The first real risk involved quitting a good job, one that provided more than half of her family's household income.
The second real risk involved starting a business, one that came with no immediate benefits.
The third real risk involved quitting that flourishing business, one that got her kids through college.
Then came more risks: Writing a book. Marrying again. Sinking money into business startups that offer no upfront reward and little chance of one at all.
Karen Linder is not, obviously, afraid of risk.
What the 52-year-old fears is the opposite of risk, which she defines as paralysis. Being stuck.
This may sound strange coming from someone who spent a career looking through the lens of a microscope as a trained cytologist, a biologist who studies cells. It's work that requires caution, safety, a laserlike focus, decisiveness and certainly some smarts.
Yet when it has come to life changes, Linder has gone with her gut.
So far, her gut has had the Midas touch.
The risks, in Karen Linder's case, have become rewards. Well, most of them, so far. Her investment ventures are still rather new.
Time will tell whether the business startup investments she made with her husband, Jim, a pathologist and technology innovator, will pay out.
Theirs is a high-stakes gamble.
When it comes to startups, Linder said, one to two out of 10 fail outright. Four limp along with zero growth. One to two are profitable in five years. And a blessed one out of 10 will become a superstar, offering 20 times the return of the original investment.
People such as the Linders ante up for a chance to get an idea launched. They are in it to make money, but also to help a new business owner become successful.
They are called angel investors because angels swoop in where other lenders — namely banks and family members — won't tread.
“Angel investment is a huge risk,” she said. “But you get to create something unique and innovative that doesn't exist.”
Nebraska Angels is the state's most formal group of such investors, and Karen and Jim Linder and their limited liability company, Linseed Capital, are among the 47 angels.
Linseed has invested in 18 companies, including one that has failed and one, SkyVu Entertainment, which is poised for success. SkyVu has developed a mobile gaming app that has had 25 million downloads. SkyVu has turned down an acquisition offer because the company expects more growth.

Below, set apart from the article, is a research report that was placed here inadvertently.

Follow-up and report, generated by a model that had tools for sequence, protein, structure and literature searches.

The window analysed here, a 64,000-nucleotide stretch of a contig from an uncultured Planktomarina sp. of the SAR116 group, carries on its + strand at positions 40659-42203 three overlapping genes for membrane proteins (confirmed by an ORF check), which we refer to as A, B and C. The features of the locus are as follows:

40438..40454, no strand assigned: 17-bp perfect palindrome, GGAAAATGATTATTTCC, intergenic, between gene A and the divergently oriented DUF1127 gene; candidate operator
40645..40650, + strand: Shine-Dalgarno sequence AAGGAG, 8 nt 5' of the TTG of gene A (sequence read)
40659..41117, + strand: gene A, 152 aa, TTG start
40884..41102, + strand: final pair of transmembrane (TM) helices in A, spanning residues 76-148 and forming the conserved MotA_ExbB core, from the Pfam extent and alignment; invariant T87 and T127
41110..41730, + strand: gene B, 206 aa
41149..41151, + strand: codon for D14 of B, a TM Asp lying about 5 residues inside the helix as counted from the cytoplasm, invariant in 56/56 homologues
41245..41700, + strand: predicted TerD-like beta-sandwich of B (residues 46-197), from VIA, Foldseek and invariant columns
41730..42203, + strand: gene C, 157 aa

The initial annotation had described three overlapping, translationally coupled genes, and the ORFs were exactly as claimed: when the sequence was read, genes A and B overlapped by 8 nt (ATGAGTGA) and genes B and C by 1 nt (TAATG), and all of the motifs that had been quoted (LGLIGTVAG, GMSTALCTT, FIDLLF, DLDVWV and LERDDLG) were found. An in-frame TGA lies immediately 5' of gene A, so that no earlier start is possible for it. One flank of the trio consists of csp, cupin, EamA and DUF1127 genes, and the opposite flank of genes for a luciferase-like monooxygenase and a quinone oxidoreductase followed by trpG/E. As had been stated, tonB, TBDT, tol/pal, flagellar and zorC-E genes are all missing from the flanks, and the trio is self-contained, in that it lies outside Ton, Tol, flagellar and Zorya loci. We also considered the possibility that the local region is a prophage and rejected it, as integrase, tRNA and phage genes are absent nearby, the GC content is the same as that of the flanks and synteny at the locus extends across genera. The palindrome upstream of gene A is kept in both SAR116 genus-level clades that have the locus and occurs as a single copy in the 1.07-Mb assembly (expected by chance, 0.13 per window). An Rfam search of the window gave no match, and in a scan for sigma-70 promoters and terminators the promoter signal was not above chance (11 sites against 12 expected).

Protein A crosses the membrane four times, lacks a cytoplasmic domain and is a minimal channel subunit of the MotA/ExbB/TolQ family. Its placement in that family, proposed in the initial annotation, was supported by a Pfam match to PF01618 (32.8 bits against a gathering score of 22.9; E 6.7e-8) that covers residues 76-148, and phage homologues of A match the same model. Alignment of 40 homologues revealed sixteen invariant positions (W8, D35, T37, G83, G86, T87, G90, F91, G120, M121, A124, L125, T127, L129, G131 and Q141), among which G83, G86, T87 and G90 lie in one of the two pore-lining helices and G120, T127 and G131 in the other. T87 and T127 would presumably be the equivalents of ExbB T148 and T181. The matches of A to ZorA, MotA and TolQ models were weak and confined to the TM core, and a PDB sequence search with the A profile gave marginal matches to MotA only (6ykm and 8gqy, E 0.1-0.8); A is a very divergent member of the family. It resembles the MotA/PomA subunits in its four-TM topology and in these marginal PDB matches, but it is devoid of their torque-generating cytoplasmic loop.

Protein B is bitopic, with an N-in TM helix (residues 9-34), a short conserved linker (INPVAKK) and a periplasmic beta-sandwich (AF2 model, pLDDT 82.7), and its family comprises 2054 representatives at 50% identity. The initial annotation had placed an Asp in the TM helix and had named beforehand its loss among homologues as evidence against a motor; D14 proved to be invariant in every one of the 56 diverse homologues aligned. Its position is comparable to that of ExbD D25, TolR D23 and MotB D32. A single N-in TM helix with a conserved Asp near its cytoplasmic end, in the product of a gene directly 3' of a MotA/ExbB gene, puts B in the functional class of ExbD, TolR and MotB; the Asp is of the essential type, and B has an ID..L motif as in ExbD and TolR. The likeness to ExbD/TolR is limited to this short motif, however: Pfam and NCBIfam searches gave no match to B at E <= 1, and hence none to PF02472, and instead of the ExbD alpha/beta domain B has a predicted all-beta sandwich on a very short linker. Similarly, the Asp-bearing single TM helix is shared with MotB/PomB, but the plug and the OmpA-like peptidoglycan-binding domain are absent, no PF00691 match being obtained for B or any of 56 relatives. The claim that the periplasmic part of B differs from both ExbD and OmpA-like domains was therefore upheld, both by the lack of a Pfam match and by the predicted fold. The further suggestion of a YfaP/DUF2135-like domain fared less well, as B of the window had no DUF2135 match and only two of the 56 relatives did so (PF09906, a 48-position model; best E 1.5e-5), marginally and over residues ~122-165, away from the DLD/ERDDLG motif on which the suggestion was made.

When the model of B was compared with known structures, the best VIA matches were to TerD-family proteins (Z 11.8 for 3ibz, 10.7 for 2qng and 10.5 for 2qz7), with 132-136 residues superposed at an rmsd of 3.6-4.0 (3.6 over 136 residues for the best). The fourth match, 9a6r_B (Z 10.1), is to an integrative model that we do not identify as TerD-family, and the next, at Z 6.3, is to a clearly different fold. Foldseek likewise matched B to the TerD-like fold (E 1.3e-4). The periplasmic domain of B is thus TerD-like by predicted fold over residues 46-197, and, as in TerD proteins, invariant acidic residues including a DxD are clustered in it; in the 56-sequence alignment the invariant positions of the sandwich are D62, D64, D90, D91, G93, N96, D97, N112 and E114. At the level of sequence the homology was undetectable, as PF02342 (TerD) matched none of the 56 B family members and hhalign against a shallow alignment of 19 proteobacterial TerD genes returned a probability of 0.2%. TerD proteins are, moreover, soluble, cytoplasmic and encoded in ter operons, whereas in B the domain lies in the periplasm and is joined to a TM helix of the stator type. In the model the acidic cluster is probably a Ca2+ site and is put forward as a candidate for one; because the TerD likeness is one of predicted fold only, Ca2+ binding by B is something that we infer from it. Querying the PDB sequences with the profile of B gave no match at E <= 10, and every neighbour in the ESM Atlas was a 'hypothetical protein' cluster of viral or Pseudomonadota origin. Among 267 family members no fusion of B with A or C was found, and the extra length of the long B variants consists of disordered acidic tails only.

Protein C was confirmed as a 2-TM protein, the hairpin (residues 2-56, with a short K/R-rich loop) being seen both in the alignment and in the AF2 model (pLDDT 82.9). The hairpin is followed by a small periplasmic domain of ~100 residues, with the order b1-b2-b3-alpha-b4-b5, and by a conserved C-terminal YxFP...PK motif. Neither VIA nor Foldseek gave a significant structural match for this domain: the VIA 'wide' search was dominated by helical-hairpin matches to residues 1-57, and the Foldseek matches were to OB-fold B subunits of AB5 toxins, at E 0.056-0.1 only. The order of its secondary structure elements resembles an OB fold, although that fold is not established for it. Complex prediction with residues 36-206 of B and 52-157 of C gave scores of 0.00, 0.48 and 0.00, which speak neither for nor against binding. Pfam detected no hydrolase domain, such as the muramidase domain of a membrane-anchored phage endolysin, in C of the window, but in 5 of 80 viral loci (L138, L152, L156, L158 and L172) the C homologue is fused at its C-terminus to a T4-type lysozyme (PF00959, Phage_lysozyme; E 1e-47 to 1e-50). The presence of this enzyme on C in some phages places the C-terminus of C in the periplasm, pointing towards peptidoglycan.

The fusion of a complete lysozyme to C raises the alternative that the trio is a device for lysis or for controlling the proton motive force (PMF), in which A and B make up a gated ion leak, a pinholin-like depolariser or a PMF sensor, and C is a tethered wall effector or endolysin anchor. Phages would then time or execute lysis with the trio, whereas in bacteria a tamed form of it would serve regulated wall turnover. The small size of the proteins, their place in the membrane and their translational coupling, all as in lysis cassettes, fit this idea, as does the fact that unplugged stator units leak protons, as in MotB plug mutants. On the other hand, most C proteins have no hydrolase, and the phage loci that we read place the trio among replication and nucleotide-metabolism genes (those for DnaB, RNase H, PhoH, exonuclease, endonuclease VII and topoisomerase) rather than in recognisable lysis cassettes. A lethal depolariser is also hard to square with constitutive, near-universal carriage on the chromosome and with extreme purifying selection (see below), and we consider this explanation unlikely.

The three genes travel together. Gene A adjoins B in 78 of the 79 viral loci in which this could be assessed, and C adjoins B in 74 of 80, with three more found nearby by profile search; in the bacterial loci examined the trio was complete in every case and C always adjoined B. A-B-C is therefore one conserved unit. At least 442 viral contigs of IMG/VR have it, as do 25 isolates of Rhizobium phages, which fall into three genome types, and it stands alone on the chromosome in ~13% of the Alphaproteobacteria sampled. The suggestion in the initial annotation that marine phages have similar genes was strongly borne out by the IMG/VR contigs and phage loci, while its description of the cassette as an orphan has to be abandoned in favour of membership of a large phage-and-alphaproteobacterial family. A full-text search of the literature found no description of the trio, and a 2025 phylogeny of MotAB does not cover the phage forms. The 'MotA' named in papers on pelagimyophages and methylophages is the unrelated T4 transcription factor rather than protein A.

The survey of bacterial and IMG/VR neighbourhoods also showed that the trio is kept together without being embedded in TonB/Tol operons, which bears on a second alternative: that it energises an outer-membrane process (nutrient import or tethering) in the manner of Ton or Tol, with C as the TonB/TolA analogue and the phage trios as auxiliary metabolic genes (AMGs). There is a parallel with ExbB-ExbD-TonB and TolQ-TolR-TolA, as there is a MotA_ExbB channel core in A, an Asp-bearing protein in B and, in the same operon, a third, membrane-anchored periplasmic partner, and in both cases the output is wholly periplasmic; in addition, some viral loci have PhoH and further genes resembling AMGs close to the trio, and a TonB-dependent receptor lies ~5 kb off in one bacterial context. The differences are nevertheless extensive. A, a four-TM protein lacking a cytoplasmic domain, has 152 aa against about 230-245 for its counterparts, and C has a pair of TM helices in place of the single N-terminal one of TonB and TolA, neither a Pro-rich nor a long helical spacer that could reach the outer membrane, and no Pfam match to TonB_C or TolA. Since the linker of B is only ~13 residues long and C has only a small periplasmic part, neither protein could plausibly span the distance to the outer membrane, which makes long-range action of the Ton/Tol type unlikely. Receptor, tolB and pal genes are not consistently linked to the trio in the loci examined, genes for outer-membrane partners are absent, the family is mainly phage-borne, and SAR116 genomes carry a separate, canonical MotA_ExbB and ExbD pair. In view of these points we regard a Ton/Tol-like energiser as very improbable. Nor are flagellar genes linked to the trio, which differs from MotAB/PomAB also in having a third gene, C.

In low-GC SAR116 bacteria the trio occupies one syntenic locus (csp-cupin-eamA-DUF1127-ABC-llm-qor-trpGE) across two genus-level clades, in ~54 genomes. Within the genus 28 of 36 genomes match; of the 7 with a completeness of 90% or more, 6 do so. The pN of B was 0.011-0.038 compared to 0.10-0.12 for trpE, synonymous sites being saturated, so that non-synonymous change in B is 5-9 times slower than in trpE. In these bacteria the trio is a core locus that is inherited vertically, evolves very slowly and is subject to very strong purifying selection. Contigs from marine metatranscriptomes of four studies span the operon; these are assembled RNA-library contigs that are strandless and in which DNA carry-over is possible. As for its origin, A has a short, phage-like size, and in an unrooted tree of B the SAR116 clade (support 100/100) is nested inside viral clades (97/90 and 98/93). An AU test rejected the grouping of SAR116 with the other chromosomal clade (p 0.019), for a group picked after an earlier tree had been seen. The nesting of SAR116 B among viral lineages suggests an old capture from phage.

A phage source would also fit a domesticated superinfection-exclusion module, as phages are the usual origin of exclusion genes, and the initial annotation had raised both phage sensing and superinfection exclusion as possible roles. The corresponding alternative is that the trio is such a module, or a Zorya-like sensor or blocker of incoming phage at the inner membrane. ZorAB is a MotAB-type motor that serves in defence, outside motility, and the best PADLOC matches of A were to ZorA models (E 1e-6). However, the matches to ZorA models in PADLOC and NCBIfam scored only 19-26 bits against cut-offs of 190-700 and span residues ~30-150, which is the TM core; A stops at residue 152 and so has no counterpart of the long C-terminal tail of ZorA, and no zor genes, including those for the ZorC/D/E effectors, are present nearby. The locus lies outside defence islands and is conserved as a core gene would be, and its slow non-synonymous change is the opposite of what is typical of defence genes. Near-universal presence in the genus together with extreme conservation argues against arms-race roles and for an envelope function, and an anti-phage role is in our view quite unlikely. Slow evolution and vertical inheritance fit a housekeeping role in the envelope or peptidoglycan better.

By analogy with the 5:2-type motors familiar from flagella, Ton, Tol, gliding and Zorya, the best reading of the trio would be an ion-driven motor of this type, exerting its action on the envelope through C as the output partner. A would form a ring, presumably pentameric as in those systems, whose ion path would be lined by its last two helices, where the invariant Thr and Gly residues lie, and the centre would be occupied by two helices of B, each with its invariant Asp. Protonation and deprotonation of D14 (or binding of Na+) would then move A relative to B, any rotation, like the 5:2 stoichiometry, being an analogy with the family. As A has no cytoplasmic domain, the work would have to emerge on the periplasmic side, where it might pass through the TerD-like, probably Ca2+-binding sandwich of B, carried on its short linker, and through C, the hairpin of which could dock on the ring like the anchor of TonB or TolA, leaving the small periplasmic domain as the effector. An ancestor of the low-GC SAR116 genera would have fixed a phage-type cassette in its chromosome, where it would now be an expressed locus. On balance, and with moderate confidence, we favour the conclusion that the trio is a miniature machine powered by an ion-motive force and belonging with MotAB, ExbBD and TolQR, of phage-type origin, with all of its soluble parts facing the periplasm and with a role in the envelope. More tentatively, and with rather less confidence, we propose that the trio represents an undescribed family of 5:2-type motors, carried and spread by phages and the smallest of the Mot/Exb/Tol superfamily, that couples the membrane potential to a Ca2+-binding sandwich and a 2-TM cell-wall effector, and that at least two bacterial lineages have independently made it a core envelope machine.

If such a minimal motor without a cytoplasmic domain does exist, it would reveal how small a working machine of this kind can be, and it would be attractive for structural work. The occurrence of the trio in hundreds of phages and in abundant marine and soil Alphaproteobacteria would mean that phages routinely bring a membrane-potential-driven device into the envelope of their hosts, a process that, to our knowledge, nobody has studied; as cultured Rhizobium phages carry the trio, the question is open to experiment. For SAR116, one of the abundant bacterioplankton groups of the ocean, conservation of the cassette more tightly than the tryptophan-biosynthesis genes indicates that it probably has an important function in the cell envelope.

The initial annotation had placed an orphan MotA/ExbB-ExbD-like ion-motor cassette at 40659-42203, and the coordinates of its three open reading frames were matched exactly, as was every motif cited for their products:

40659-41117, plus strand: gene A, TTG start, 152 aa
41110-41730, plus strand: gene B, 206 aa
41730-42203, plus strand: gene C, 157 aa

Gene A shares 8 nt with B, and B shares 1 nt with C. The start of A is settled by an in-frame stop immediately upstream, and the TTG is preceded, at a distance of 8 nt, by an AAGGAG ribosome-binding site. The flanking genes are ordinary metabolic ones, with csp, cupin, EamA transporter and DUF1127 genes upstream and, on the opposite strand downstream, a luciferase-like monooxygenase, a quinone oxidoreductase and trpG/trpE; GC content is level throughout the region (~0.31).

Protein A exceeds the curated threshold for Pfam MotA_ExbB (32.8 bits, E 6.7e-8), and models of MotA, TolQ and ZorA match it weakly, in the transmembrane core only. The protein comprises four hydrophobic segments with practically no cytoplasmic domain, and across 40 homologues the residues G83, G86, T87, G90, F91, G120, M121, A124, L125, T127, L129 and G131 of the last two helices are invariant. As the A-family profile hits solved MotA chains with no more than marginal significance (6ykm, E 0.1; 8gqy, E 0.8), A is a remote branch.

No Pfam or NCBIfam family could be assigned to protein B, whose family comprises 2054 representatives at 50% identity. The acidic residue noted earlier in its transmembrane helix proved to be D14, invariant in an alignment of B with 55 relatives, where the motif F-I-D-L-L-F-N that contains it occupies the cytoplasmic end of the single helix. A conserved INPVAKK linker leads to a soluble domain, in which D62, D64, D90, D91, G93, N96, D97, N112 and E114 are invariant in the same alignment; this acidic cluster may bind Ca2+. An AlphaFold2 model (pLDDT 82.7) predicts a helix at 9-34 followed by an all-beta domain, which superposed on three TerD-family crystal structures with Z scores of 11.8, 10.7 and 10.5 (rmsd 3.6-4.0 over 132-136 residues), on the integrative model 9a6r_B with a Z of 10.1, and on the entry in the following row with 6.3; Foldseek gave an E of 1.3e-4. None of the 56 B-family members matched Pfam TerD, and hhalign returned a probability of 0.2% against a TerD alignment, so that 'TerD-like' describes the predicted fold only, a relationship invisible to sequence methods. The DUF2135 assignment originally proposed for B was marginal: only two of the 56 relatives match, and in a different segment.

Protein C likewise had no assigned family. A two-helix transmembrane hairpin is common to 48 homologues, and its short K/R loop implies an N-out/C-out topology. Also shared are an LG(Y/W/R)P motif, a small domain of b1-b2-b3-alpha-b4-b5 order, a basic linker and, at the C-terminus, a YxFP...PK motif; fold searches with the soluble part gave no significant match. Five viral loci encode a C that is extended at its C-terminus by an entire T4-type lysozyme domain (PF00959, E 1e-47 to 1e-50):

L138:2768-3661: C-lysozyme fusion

You could argue that people like the Linders putting what for them, at $25,000 or more, is small potatoes into these firms isn't all that risky. But you could also argue that life presents a series of risks to everyone. Of doors to open or keep closed.
Each choice, however mundane-seeming, is in itself a risk, because we don't ultimately know what is ahead.
Which brings us to Karen.
Here she is at age 24 with two job offers: one for a stable, predictable hospital lab job in Council Bluffs and one for a lower-paid position with the University of Nebraska Medical Center that ends after six weeks. Her brain said take the Bluffs job. Her gut said go with UNMC.
So she followed her gut. UNMC offered a job closer to her training, and she saw it as a foot in the door.
Here she is at 40, leaving that job, which had become permanent, provided vacation and sick time and higher pay than her first husband, a teacher, was earning. Everyone said she was nuts to give that up.
Here she is later that year, starting a laboratory business, Heartland Pathology. It was just her and two really expensive microscopes. She called hospitals around the country to say that she could read their Pap tests, which screen for cervical cancer. Within the year she did 30,000 tests and had hired staff.
Here she is at 50, selling Heartland Pathology. By then it had brought in enough income that Karen could pay for the college educations of her three children.
Here she is that same year, writing a book about the women of Berkshire Hathaway.
Here she is now, speaking to a roomful of women in various stages of their careers. She is talking about economics. She is talking about risk.
She tells the women about how day in and day out at UNMC she clocked in at 8 and left by 5 and spent the time in between staring down a scope, looking at the cells taken from women's cervixes, determining whether the cells were normal (most are) or not (about 10 percent), making the best scientific judgment that could save a life.
She had been doing this for 16 years. The work was predictable and safe, and she frankly loved it. Her family was used to the routine.
So when her gut rumbled that maybe things could be even better — with such a dearth of labs and such a tidal wave of Pap tests — she listened.
Heartland Pathology was born, and it did well. Running her own business brought Karen more income and more flexibility.
But after a decade, the paperwork was getting tiresome. Again, her gut rumbled. Maybe it was time to do something else. Again, Karen listened. She sold the business.
Karen immediately set to work writing “The Women of Berkshire Hathaway: Lessons from Warren Buffett's Female CEOs and Directors” (Wiley, 2012). This year, she sits on three boards.
And she's doing oil painting.
I asked her whether the cliché was true: Risk is its own reward.
She said she couldn't understand that. Risk in itself is not reward. Risk is uncomfortable. Risk is sometimes painful.
But the bigger risk, she said, is not to risk at all.
“Without risk, there is no progress.”
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